Professor Coch, whose business card reads "forensic hurricanologist,"believes that the best way to understand New York City's hurricane future is to study its past. Hebecame New York City's leading hurricane historian virtually by accident.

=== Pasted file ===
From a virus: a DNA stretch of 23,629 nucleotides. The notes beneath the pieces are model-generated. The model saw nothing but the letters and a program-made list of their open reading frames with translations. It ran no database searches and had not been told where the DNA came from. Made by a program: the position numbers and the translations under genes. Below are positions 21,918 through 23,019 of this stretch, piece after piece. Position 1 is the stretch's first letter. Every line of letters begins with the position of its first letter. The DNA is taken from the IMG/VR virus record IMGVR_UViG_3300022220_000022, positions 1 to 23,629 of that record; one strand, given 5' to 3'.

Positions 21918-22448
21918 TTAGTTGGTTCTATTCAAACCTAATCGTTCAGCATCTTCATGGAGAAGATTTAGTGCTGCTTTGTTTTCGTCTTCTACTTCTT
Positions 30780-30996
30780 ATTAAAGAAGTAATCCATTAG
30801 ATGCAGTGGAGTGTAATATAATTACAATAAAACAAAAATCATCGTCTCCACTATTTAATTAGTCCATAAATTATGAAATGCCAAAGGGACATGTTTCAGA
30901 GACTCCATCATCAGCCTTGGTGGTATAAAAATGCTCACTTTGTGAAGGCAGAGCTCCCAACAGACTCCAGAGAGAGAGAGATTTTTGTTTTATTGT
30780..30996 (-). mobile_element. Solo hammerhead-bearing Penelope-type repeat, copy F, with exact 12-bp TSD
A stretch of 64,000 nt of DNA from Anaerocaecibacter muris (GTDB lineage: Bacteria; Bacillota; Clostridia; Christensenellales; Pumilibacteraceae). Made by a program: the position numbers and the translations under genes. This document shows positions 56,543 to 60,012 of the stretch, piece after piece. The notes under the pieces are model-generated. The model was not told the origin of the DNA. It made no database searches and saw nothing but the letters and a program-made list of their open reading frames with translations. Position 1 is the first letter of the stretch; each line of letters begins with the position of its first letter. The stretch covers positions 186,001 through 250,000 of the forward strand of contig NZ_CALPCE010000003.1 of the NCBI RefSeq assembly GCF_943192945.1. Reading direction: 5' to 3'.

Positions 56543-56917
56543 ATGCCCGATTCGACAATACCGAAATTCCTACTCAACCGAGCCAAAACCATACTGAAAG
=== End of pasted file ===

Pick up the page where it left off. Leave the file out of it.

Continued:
After the nor'easters of December 1992 and March 1993 devastated Rockaway,Coch sent a group of his coastal-geology undergrads to observe the Army Corps of Engineers replenishingbeaches with sand dredged from the sea. The students reported back that "the beach was covered ingarbage. Coch remembers telling them, "Get used to it. This is New York City." But they said, "No,this is funny garbage." In the dredged-up sand, Coch's students found hundreds of artifacts - plates,whiskey bottles, teapots, beer mugs, lumps of coal and, what proved to be the most telling clue ofall, an old hurricane lamp. Mystified at how a treasure trove of 19th-century objects could havewound up underwater hundreds of feet off the coast of Rockaway, Coch and his students began investigating. It took them about two years to unravel the mystery of Hog Island: New York City's version of Atlantis. It turns out there was once a small, sandy spit of an island off the southerncoast of Rockaway. In the years after the Civil War, developers built saloons and bathhouses, andHog Island became a sort of 1890s version of the Hamptons. During the summers, the city's Democraticbosses used Hog Island as a kind of outdoor annex of Tammany Hall. That all ended on the night of August23, 1893, when a terrifying category-2 hurricane rolled up from Norfolk, Virginia, and made landfallon what is now JFK airport. The storm was a major event. All six front-page columns of the August25, 1893 New York Times were dedicated to the "unexampled fury" of the "West Indian monster"and the damage it wrought throughout the region. Dozens of boats were sunk, and scores of sailorsperished. In Central Park "more than a hundred noble trees were torn up by the roots," and thousandsof sparrows lay dead on the ground. "Gangs of small boys roamed through the Park in the early hoursof the morning collecting the dead sparrows and picking their feathers." At the brand-new Met Life building at Madison Avenue and 23rd Street,a heavy-iron fence was torn away by the wind, plunging 10 stories and crashing through a stained-glassdome before landing on a mosaic "including quantities of costly Mexican onyx." In Brooklyn, atWyckoff and Myrtle Avenues, "the water in the street was up to a man's waist," and residents usedladders to get in and out of their houses. Most of the boats moored at the Williamsburg Yacht Clubwere "sunk, driven ashore or demolished." The East River rose "until it swept over the sea wall inthe Astoria district and submerged the Boulevard." At Coney Island, 30-foot waves swept 200 yardsinland, destroying nearly every man-made structure in its path and wrecking the elevated railroad. "Hog Island largely disappeared that night," Coch says. "As far as Iknow, it is the only incidence of the removal of an entire island by a hurricane." Hurricanes, Coch reminds, "operate on a geologic scale." --- Will New York City get hit by the Big One this season? It's impossibleto say. But we do know this: The risk of a major hurricane hitting the metropolitan region is significantlygreater than it has been in a long time. Meteorologists have observed that Atlantic Ocean hurricanestend to wax and wane over roughly 20-year cycles. Nineteen ninety-five marked the beginning ofa period of above-normal hurricane activity. We are now in the middle of that cycle. The same climateconditions that made last year's hurricane season so active are in place and even augmented thisyear. Low wind sheer and sea-surface pressure and a favorable African easterly jet stream all createideal conditions for Atlantic hurricanes. El Nino, the unusually warm current that appearsin the tropical Pacific off the coast of Ecuador every three to seven years, tends to dampen hurricaneactivity in the Atlantic. This year there is no El Nino. Additionally, scientists say that man-made global warming is increasingthe odds that tropical storms will dump on New York City with greater frequency and intensity. TropicalAtlantic sea-surface temperatures have steadily risen over the last decade. Hurricanes are essentiallygigantic steam engines; they gain power from warm seas. "With global warming there is more moisture in the atmosphere," saysDr. Kevin Trenberth, a senior scientist at the National Center for Atmospheric Research. "Thismoisture is the main fuel for hurricanes and tropical storms." This year, tropical Atlantic sea-surfacetemperatures are the warmest they have ever been in recorded history, about two degrees Fahrenheitabove normal. And while there is debate within the hurricane research community as to how much impactglobal warming ultimately has, there is no longer any question that global warming is contributingto more extreme weather events around the world. Whatever the causes, forecasters are confident that 2005 will be a busyhurricane season, busier even than last year's. Meteorologists are forecasting 15 named storms,eight of them hurricanes, four of them "intense" hurricanes. In an average year, about 10 stormsget names, six become hurricanes and two become intense. New York City's hurricane season runs from August to October, peakingaround September 10. To prepare for a storm, Lee suggests that New Yorkers call 311 or go online,find out what evacuation zone they're in, and develop a plan. If a storm comes rolling in and the citytells you to evacuate, take heed. "People who decide to ride out a storm need to know that in the middleof it they can't call 911 and say, 'All right, come get me. I'm ready,'" Lee says. "We will not be ableto come and get them. Once they've made the decision to stay, they've made that decision for the longhaul. That's a very serious decision." If the Big One hits this season, Lee may be taking his own advice. The firstOEM "bunker" was located in the World Trade Center?in hindsight, a lousy location. A newOEM building is currently under construction on the bluffs of Brooklyn Heights. Until its completion,the city's emergency managers are working in a converted warehouse on the Brooklyn waterfront. In the event of a direct hit by a category-3 hurricane, New York City's Office of Emergency Managementwill find itself under 22.4 feet of storm surge. Lee's not too worried about it, though. The city has a duplicate Officeof Emergency Management in an undisclosed location.